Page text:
Welcome class to your very first lecture in this series on Architecture conducted by myself, Dr Torben Dahl.
Today we will be looking into the relationship between climate and architecture, where I will be giving you a critical overview of the main climate influences that shape the design of buildings.
Throughout this lecture series we will be looking at the latest research into climatic design carried out by experts in the field in addition to case studies and examples drawn from modernist practice both in cities and rural areas.
Now, acid rain is one of the climatic elements with the most devastating effects on our architecture.
The chemicals in acid rain can cause paint to peel, corrosion of steel structures such as bridges, and erosion of stone statues.
Since the 1970s, our government has been making great effort to reduce the release of these chemicals into the atmosphere with positive results.
Private organisations have also been raising awareness and funds and recently received a huge donation from the bank.
It is interesting to look at the studies that have been carried out into the effects of acid rain at varying altitudes.
Research has shown that there are lower levels of acid in the damaging pollutants at higher altitudes, meaning that skyscrapers are much less vulnerable to the negative effects as they are exposed to acid rain with far lower levels of damaging pollutants.
Recently, the Alter Project was founded to carry out further research into acid rain.
This project is directed towards studying the effects of acid rain on old, traditional buildings of stone construction that are vulnerable to damage caused by acid rain.
Masonry is particularly vulnerable as it is easily corroded and weakened by the acidic chemicals.
It is imperative that we protect these buildings, as they are valuable examples of our history and culture.
Pollution is one of the main sources of concern in the present day.
The construction industry contributes considerably as a source of pollution in its day-to-day processes of creating building materials such as concrete and glass, however, more new sustainable methods are being developed to counter this.
A recent case study for this is Sky Tower, whose windows have been made from recycled glass to prevent pollution from the glass-making process.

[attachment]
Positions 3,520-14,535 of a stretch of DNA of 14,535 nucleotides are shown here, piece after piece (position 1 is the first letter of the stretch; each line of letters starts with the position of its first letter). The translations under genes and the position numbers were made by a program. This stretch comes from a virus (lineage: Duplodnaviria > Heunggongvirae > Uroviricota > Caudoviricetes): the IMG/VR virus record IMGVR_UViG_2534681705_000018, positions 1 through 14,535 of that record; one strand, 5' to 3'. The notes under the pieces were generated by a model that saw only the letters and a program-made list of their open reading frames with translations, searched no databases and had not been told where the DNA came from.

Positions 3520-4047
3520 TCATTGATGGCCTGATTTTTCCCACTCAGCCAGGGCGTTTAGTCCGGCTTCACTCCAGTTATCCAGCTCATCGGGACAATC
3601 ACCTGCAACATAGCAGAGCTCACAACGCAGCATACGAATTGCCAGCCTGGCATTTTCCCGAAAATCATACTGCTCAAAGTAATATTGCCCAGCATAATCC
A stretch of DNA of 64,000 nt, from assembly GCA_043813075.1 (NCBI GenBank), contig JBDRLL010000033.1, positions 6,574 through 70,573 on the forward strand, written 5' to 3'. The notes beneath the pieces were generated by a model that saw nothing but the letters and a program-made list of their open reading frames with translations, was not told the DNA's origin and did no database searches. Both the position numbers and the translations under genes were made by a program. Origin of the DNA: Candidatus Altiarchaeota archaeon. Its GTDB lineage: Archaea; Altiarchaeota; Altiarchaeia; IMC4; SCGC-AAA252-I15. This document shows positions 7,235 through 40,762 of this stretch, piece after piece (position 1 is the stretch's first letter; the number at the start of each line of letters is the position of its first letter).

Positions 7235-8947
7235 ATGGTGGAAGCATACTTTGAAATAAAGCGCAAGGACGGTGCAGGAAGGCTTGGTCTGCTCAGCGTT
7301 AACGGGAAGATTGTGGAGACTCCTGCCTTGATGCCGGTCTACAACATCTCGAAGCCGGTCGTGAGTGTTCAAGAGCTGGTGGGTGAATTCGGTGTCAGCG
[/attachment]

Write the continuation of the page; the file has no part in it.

Water is the most problematic element to be considered in construction.
It is imperative that construction elements such as the insulation are fitted into the building in dry weather to prevent it from getting wet.
This makes winter an undesirable season for construction as the heavy rainfall can have adverse effects on the building.
Another climate type that has an enormous affect on buildings is humidity
Constructions made of steel and stone are largely unaffected by humidity, however, it can have a serious effect on wooden constructions if the timber has not been correctly treated.
Moisture from the air can condense in the grain of the wood, which then swells and shrinks in proportion to the magnitude of change in its moisture content.
This variation in size can have disastrous consequences.
In areas of the world that are prone to earthquakes, certain design and environmental conditions are preferable for protecting buildings in the event of a tremor.
Engineers have come up with numerous building procedures to help minimise shaking in buildings.
For example, tall buildings have height restrictions and counterweights and multi-storey buildings have reinforced floors and walls.
Ground conditions are a cause for worry in many constructions as often the soil is of the wrong density to protect the foundations.
Luckily technology has now been developed that can help to minimise damage by earthquakes.
Seismic sensors can give prior warning when an earthquake is about to happen so that preparations can be made to protect both the people and the buildings from harm.
The movement of building structures can now also be measured and monitored over time by architects.
It has been expressed by architects within the design community that it would be valuable to be given special courses for designing buildings within earthquake zones.
Guidelines are also expected to be produced by the government in the near future that will give architects a universal checklist to follow.
That wraps up the lecture for today. Please remember that attendance is mandatory...